heroic conduct shown on the fields of carnage, from the com-
mencement to the end of the War Between the States. Their
feeling of State loyalty was akin to that which in the old
world gives so chivalrous a tinge to loyalty to the crown.
It was not a mere theory or policy it was a creed, a religion.
This creed, this political religion, of the South was exempli-
fied in blood on every battle field. For it a life was offered for
every vote cast, and for it 12,000 sons of South Carolina laid
down their lives exultingly."

"Slavery is dead," to quote again from the same source,
"buried in a grave that does not give up its dead, and of the
unique old plantation life in the South which grew up under
its wing and flourished with it there does not exist even a
fossil specimen of their temples there is not left a stone.
Though now extinct, they were once factors of most potent
influence, which intertwined themselves with the very bone
and sinew, the very soul and marrow of Southern civilization.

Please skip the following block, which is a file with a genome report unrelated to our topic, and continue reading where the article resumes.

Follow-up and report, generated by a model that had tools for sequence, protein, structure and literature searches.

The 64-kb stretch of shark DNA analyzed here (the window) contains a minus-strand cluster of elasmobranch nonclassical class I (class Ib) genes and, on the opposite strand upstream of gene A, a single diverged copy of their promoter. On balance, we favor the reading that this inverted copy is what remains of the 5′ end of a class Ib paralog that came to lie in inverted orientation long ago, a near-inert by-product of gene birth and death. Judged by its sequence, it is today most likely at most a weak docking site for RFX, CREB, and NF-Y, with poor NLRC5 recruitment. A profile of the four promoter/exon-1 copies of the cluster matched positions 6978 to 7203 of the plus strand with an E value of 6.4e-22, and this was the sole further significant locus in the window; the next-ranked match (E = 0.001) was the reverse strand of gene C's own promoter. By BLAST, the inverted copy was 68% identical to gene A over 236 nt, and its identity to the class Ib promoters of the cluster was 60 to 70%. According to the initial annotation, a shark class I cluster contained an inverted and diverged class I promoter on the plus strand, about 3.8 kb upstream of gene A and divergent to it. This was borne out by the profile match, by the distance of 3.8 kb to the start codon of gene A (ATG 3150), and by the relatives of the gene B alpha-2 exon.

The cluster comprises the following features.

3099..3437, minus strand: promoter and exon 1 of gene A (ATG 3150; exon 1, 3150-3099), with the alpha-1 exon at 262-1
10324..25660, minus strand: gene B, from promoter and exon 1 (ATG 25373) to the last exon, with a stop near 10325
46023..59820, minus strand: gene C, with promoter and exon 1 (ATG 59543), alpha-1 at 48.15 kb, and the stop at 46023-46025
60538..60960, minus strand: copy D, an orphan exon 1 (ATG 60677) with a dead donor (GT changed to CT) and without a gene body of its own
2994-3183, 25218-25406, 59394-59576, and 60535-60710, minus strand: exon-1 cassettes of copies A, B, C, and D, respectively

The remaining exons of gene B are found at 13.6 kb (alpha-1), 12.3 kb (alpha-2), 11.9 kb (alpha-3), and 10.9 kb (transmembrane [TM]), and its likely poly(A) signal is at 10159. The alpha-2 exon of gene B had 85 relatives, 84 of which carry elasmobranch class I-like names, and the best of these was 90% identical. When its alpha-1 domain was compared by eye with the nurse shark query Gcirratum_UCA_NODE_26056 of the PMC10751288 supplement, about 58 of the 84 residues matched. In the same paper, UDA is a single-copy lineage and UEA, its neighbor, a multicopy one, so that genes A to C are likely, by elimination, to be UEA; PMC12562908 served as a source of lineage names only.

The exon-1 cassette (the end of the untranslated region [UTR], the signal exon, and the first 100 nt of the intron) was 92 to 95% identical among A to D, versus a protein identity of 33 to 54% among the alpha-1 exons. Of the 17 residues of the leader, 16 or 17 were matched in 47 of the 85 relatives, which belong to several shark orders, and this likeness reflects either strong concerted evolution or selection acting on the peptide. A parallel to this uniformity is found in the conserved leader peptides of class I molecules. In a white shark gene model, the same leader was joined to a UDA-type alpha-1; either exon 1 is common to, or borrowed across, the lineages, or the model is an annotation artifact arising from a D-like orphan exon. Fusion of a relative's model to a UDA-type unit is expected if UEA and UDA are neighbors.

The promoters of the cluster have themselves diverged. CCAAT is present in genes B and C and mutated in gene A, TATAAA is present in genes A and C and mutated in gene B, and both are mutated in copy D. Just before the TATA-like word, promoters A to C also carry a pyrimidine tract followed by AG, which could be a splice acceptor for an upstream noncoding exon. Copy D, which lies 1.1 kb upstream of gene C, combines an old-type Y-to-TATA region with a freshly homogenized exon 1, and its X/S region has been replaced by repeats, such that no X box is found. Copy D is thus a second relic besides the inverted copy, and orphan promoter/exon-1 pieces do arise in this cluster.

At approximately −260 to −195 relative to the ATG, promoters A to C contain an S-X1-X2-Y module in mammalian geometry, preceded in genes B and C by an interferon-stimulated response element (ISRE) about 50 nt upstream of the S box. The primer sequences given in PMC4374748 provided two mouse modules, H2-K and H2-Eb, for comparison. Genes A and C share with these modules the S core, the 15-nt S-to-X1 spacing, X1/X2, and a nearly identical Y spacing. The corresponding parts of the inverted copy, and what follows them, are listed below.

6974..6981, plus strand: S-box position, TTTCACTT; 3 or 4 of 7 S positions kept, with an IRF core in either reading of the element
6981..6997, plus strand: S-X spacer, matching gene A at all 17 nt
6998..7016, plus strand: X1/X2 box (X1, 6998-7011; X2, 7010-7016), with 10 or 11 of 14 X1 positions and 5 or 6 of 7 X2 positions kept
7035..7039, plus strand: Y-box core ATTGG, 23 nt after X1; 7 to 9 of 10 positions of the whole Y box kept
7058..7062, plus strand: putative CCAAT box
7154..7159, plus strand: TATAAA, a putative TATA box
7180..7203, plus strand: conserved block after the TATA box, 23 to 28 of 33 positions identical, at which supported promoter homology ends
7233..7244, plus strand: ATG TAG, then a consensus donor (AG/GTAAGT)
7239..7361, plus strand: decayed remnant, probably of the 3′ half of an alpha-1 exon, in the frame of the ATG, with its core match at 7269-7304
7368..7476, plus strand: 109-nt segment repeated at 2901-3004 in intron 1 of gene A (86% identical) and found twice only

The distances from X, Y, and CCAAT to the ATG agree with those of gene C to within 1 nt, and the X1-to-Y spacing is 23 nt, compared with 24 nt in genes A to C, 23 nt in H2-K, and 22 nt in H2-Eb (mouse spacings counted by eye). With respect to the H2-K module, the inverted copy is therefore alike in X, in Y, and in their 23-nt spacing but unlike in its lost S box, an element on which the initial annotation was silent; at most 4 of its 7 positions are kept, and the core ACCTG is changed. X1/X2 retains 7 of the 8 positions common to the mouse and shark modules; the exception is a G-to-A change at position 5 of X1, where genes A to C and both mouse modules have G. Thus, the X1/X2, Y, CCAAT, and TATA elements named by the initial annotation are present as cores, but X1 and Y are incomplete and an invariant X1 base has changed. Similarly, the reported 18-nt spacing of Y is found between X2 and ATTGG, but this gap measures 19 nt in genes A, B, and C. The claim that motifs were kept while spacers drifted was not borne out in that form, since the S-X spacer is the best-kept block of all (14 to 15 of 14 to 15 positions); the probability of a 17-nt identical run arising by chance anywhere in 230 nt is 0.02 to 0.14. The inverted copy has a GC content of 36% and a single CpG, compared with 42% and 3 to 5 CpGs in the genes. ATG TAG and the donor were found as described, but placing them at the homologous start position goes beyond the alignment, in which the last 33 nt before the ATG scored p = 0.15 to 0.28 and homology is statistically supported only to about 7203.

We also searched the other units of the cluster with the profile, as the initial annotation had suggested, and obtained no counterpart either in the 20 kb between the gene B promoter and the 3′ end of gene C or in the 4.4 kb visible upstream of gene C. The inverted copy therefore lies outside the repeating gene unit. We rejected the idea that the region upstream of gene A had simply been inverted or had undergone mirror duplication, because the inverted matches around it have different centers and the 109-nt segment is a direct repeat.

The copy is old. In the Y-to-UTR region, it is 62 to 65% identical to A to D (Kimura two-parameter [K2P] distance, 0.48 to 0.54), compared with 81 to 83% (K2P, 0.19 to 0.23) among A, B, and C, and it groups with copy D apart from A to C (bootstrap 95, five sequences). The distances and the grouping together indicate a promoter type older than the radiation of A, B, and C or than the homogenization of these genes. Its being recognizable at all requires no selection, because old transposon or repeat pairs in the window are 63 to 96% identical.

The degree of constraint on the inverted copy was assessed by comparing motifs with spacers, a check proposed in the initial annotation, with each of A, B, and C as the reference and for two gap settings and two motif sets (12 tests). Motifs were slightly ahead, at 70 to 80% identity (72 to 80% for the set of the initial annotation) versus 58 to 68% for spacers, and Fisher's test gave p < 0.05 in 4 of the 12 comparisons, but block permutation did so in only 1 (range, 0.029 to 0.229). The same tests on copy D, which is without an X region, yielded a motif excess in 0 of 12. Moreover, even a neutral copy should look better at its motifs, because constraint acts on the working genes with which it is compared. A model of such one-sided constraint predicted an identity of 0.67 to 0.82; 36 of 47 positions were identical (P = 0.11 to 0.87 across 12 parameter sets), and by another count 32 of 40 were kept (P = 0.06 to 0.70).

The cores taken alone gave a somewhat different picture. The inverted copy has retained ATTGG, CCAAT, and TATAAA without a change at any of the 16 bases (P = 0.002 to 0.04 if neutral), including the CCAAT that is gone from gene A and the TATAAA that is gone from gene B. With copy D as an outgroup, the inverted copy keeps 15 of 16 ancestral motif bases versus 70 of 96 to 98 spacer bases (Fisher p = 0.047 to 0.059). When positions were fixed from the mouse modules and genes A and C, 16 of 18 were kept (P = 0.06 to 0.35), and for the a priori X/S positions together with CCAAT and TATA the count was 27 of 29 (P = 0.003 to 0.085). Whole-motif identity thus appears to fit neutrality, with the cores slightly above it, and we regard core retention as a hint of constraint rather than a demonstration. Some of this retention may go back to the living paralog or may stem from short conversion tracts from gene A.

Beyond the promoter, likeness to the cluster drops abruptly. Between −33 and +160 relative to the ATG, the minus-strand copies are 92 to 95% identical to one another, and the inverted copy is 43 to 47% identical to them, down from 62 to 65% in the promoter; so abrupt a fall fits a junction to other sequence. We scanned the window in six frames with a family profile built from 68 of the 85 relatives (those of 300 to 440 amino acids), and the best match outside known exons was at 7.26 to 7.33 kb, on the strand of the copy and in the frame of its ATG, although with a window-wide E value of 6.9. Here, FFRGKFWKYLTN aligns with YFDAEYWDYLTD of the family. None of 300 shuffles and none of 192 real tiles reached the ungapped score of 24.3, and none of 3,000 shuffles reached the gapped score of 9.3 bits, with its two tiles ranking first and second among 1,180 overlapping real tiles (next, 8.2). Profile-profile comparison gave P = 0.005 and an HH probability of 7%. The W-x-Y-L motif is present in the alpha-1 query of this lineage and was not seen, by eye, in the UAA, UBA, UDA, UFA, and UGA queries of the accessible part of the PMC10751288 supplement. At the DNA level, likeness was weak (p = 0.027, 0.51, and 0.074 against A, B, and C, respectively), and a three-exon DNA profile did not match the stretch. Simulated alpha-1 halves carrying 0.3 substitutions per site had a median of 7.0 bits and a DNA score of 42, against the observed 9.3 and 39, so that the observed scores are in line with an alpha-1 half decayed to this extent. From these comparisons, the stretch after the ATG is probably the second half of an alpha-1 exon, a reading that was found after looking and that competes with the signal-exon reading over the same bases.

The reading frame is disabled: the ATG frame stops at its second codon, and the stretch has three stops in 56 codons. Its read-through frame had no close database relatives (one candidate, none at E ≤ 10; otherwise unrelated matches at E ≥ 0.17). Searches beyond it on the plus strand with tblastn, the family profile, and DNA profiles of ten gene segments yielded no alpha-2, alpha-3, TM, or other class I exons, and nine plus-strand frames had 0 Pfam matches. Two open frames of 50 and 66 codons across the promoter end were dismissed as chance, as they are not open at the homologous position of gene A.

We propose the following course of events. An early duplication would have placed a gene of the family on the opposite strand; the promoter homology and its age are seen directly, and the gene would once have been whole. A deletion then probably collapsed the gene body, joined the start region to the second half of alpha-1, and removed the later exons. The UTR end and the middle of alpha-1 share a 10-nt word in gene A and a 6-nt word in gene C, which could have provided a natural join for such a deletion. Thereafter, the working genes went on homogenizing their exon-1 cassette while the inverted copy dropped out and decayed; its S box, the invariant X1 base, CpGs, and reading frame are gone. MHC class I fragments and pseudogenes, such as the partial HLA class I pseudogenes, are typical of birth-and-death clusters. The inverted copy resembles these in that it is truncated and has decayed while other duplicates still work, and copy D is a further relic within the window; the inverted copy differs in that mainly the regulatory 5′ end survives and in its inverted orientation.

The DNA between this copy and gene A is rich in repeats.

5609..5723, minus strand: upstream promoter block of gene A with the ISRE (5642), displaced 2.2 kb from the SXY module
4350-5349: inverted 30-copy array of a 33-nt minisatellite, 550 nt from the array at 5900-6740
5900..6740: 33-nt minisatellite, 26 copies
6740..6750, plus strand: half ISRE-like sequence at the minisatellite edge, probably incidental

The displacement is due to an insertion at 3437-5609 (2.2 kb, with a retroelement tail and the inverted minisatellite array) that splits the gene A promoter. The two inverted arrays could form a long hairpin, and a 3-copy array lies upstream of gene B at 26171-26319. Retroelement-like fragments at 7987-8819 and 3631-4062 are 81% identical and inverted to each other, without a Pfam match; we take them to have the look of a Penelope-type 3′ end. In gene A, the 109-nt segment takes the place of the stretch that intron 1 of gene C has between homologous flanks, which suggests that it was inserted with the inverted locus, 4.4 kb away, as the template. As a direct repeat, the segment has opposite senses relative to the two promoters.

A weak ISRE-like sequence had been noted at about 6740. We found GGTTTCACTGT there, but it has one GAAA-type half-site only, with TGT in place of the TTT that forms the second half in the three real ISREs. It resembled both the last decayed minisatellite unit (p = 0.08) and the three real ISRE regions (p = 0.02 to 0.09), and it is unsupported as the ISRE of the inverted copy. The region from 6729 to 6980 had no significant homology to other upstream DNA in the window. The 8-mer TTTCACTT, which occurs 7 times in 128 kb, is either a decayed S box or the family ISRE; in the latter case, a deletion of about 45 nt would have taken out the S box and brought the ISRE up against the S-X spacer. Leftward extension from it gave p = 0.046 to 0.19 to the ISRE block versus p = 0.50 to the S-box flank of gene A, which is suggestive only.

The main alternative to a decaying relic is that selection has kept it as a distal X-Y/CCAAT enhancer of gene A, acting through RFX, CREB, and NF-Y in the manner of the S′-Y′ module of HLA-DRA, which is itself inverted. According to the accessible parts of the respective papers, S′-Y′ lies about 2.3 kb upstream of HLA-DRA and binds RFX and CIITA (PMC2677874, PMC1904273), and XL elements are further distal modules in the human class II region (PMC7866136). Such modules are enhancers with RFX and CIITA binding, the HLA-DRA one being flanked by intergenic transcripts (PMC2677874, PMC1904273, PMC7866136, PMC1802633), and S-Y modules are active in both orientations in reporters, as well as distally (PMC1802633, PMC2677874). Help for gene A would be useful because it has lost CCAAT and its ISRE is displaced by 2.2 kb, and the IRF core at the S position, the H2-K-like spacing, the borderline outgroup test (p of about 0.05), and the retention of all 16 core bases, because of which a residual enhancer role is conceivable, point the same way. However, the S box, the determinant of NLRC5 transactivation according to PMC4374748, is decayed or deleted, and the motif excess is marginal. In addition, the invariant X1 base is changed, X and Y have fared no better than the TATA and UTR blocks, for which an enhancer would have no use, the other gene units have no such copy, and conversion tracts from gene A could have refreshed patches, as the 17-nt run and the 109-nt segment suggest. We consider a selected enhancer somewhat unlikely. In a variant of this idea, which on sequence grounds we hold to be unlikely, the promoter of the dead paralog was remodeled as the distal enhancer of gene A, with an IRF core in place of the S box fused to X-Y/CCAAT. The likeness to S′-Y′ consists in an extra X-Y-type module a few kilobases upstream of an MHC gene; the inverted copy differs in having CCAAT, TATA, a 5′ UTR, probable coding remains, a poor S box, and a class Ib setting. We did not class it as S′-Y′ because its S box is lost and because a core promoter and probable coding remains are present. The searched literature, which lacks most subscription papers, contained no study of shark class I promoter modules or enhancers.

Though like Troy they are no more, yet as there still remains
the tale of Troy divine, so their memory is forever embalmed
not only in history and tradition, but in verse, by the classic
pen of a student and alumnus of the College distinguished in
the political and literary world. Grayson, in his two charm-
ing poems, 'The Country/ and 'The Hireling and the Slave,'
aids to a proper understanding of that phase of the past of
the South which closed with the termination of the war for
State rights, as valuable adjuncts in their way to its thorough
comprehension, as a Southern atlas, or a chronological chart.
In the controversy which arose in the discussion of the sub-
ject of domestic African slavery in the South, very high place
must always be given to the spoken and written utterances
of the men who had been educated at the South Carolina